Restoring a Mini Transat 6.50
I have been staring this boat since my first college sailing regatta over 20 years ago. Since then the boat has been a bit neglected until my friend and I were able to buy the boat last year. What started out as a fresh coat of paint turned into a complete tear down and full restoration.
Before starting the project we had it splashed to make sure it would float.
We removed every single piece of hardware. Cleats, winches, screws nuts bolts, you name it, it was removed!
We even removed the keel!
The crew at the Berkeley Marine Center was extremely helpful throughout the entire process. In this picture you can see we had the boat flipped over to make it easier to fair the bottom.
After what seemed like months of long boarding, we finally got the bottom looking some what respectable. Time for some primer!
We had the boat yard painter Julio spray a few coats of Proline Epoxy Primer. Forward progress!
After some more fairing we were able to get the first coat of paint on the hull. We are using Proline‘s 2 part polyurethane paint. They use it for re-coating hot tubs, so we figure that if it can handle high heat and chemicals it should hold up for a long weekend of being submerged in the bay.
The boat is now flipped back upright and is sitting on her temporary yard cradle. Next up, a bunch of upgrades and modifications.
We are upgrading how the rotating 10’ carbon sprit attaches to the bow. here we are vacuum bagging on a G-10 backing plate and several layers of carbon. As well you can see the freshly installed socket for the stubby sprit that rotates the 10’ sprit.
Here the upgrade is right after pulling the bag off of it. A little bit of filler and some sanding before the topcoat.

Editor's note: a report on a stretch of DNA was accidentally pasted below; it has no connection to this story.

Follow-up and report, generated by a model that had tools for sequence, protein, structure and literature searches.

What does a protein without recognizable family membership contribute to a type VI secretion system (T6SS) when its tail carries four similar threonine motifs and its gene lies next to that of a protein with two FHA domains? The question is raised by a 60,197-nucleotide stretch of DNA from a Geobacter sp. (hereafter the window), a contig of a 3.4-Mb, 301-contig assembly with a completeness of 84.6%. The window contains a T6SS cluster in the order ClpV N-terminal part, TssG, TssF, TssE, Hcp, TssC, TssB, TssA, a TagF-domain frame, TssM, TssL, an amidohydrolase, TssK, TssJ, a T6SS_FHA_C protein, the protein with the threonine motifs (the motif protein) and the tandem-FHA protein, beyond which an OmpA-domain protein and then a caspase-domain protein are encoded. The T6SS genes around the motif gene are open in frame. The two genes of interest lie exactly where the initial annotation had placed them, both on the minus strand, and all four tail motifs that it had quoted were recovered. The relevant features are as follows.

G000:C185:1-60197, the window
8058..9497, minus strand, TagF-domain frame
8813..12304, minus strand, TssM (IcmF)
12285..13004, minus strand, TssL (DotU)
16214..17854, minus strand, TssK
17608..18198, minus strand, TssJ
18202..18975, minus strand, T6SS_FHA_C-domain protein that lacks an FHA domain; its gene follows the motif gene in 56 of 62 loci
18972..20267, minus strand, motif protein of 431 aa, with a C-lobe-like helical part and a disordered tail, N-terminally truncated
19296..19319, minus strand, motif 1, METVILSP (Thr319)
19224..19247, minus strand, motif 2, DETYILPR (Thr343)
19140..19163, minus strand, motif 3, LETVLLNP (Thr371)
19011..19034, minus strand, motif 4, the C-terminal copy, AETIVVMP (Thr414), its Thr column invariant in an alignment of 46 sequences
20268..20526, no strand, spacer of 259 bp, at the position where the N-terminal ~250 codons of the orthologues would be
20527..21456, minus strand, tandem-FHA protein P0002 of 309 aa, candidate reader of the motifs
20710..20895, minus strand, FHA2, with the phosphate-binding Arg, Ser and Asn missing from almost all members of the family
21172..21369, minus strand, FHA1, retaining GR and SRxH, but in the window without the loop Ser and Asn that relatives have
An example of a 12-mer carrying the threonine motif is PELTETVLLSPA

Here you can see the new sprit rotator hardware installed after we had the boat painted and the original bow pulpit modified.
This is the beginning of the upgrade to composite chainplates. We decided to install new chainplates 16” outboard of the originals. This is to give the mast better lateral stability to hold up to the higher loads of the modern sails and rigging we are upgrading to. As well we are getting rid of the the rod standing rigging and going with Dyneema standing rigging.
This is the chainplate after it was bonded and vacuumed bagged with 10 layers of carbon.
The deck gets sprayed with some top coat.
The original laminated wood tiller gets sanding in prep for a couple layers of carbon.
The tiller fresh out of the vacuum bag, ready for trimming, sanding and some clear coat.
Meanwhile we sanded off all of the original paint on the rudders and re-shaped their profile to make them more modern looking and better performing.
In an effort to make the spreader tips Dyneema rigging friendly we attached some Ronstan low friction rings.
The upper and lower spreaders fresh out of the paint booth ready to be installed on the freshly painted mast.
Spreaders and new standing rigging installed. The standing rigging is made from New England Ropes STS-HSR Dyneema. It is a pre-stretched heat treated Dyneema. I used the Colligo Marine Cheeky Tangs for all mast attachments and at the lower end we are using large Ronstan low friction rings with lashings.
Mocking up the new deck hardware layout. A bunch of challenges to work with. we are leading everything back to the cockpit, halyards, reef lines, keel canting lines, dagger board up and down controls, jib leads, sprit controls, guys, solent stay and all of the spinnaker gear. Oh yeah and we only have two winches to run everything.
After mocking up the deck hardware we discovered a need to make a few risers for the hardware. On this boat we can’t just make ordinary risers, we had to make sexy carbon ones. Here are the risers and the electronics panel right after getting vacuum bagged.
One of the finished risers installed.
Almost all of the deck hardware is installed. As well we had Julio spray on the non-skid coated “72” on the deck per mini class rules.
Prepping to non-skid the rest of the deck.
Non-skid complete! We used Kiwi-grip for this. As well we re-installed the original windshields and the rest of the deck hardware.
To be continued...